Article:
iFans Reflect on Vision of Apple Co-Founder Steve Jobs

Technology Pioneer Dies at 56, a Day After Announcement of iPhone 4S

The newest generation of Apple users view the late Steve Jobs as someone always at the forefront of technology, and some say that he even changed their lives.

“The first computer I ever touched was an Apple,” said David Walker, a computer programmer and resident of Arlington, Va., who made a stop at the Apple Retail Store in Georgetown.

“Had it not been for Steve Jobs, I might have never gone into the technical field,” Walker said. “His vision and ingenuity is something that has inspired me ever since I was 15 years old.”

Jobs died Wednesday, Apple Inc. reported. Just a day after Apple’s announcement of the iPhone 4S.

The former CEO resigned from his position at Apple in August, because of declining health. He had been diagnosed with a rare form of pancreatic cancer and had undergone a liver transplant. Jobs, 56, is survived by his wife, Laurene, and four children.

Steve Jobs, recognizable by his black turtlenecks, co-founded Apple in 1976 when he was just 21 years old. Jobs, the mastermind behind the iPhone, iPad, and Pixar, was thought of as an innovator and icon in the technology world.

“I always felt like Jobs knew what we wanted next,” said Jason Marks, 22, a student at Georgetown University and another customer at the Apple store in Georgetown. “When the iPod first came out, I was 12. I remember being so amazed by the fact that I could have all of my music with me with this small device.”

During an interview with John Markoff for the New York Times, Jobs discussed his early career decisions. Jobs dropped out of Reed’s College in Oregon after one semester. He spent some time working at Atari, but quit soon after. Instead, he opted to backpack around India, while experimenting with psychedelic drugs, which he later attributed to his creative visionary.

Jobs and his friend, Steve Woznick, started Apple in his parent’s garage in 1976. Their first product, the Apple I, was an early form of a computer that had no keyboard or monitor, and required buyers to assemble it at home. The second product, the Apple II computer, started a personal computer revolution. After the release of the Macintosh line, Apple fired Jobs in 1984.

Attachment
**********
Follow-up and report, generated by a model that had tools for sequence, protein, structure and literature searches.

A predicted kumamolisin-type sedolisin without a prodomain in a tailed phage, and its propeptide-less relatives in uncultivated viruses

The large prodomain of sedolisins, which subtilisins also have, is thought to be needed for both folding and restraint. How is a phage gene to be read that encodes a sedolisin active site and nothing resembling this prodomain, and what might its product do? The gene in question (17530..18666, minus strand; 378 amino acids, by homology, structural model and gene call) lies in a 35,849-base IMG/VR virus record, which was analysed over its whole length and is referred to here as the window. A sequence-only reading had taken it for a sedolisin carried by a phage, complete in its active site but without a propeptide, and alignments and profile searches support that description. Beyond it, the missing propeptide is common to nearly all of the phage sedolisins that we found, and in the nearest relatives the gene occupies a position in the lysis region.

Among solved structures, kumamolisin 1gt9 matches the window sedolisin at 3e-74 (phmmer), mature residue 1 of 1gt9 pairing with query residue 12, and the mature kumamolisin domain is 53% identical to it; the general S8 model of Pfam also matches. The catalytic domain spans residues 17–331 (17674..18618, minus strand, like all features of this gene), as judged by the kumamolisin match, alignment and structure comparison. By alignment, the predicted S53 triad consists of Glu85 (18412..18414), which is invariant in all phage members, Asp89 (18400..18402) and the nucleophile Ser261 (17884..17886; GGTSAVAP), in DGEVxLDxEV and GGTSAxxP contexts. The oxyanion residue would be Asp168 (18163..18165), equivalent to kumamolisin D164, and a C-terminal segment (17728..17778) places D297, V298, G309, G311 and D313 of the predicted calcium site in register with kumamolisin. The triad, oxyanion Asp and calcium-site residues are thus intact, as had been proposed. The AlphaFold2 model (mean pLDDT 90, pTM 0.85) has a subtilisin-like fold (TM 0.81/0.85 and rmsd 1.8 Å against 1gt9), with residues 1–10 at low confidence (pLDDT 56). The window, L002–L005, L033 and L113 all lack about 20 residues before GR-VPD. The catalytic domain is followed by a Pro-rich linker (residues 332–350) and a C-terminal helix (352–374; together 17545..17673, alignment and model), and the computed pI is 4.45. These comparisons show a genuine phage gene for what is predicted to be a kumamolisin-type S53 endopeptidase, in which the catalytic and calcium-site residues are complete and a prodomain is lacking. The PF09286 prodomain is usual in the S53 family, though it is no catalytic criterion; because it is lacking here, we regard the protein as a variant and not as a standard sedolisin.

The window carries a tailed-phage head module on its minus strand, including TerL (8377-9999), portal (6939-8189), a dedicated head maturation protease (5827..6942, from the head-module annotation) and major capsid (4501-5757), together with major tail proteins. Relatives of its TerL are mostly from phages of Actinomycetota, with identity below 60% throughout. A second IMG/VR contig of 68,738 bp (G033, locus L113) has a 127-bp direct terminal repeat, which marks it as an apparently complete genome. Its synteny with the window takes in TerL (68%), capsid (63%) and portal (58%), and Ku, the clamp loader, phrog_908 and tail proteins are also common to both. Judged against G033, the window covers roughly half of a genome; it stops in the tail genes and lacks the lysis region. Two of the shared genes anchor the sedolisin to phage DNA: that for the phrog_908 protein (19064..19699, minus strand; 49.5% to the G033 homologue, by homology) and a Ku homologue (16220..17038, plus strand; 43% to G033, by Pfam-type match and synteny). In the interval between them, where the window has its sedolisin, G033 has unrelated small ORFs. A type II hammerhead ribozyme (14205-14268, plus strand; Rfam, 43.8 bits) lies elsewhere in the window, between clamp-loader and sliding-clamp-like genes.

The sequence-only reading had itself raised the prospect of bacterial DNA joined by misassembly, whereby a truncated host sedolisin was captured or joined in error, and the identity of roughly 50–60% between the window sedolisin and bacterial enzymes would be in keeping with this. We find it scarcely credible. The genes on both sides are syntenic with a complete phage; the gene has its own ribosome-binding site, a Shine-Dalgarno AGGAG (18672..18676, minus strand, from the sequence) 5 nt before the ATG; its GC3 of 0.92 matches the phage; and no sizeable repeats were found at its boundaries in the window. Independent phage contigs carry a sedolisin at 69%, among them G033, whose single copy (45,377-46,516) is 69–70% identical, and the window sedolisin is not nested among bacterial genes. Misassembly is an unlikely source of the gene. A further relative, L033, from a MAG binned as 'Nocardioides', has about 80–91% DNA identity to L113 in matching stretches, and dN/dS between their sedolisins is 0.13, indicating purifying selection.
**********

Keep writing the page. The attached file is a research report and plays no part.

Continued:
Jobs then started NeXT Computer, which he saw as the next step in computing, but it didn’t do as well as he had hoped.

His next success came when Jobs purchased The Graphics Group, later to be known as Pixar Animation Studios, from Lucas. Pixar’s fame came with the release of “Toy Story” in 1995, and still continues to grow to this day.

In 1996, Apple bought NeXT, which brought Jobs back to the company, where he introduced the iMac, reigniting the popularity of Apple products. Over the years, Jobs developed products like the iPod, iPhone and iPad, which have changed the way people use and consume media and technology.

In 2004, things took a turn for the worst for Jobs, when he announced his cancer diagnosis. Jobs took a leave from Apple to address his health. After seemingly successful treatments, Jobs returned to his position as CEO at Apple, but his health would continue to decline.

In 2009, Jobs took a leave of absence from Apple for the liver transplant. With the success of the transplant, Jobs’ prognosis was good.

However, Apple granted Jobs a medical leave of absence earlier this year in January. Tim Cook, who had stepped in for Jobs a few times over the years, acted in his absence.

The uncertainty about Jobs’ future with Apple came to an end when he resigned as CEO on August 24.

In his resignation letter Jobs wrote: “I have always said if there ever came a day when I could no longer meet my duties and expectations as Apple’s CEO, I would be the first to let you know. Unfortunately, that day has come.”

With the death of Jobs, many hope that Apple won’t fall short of the dreams of its founder.

“Even though he’s gone, I hope that those that are in charge now can continue his legacy,” Jason Marks, the Apple customer, said.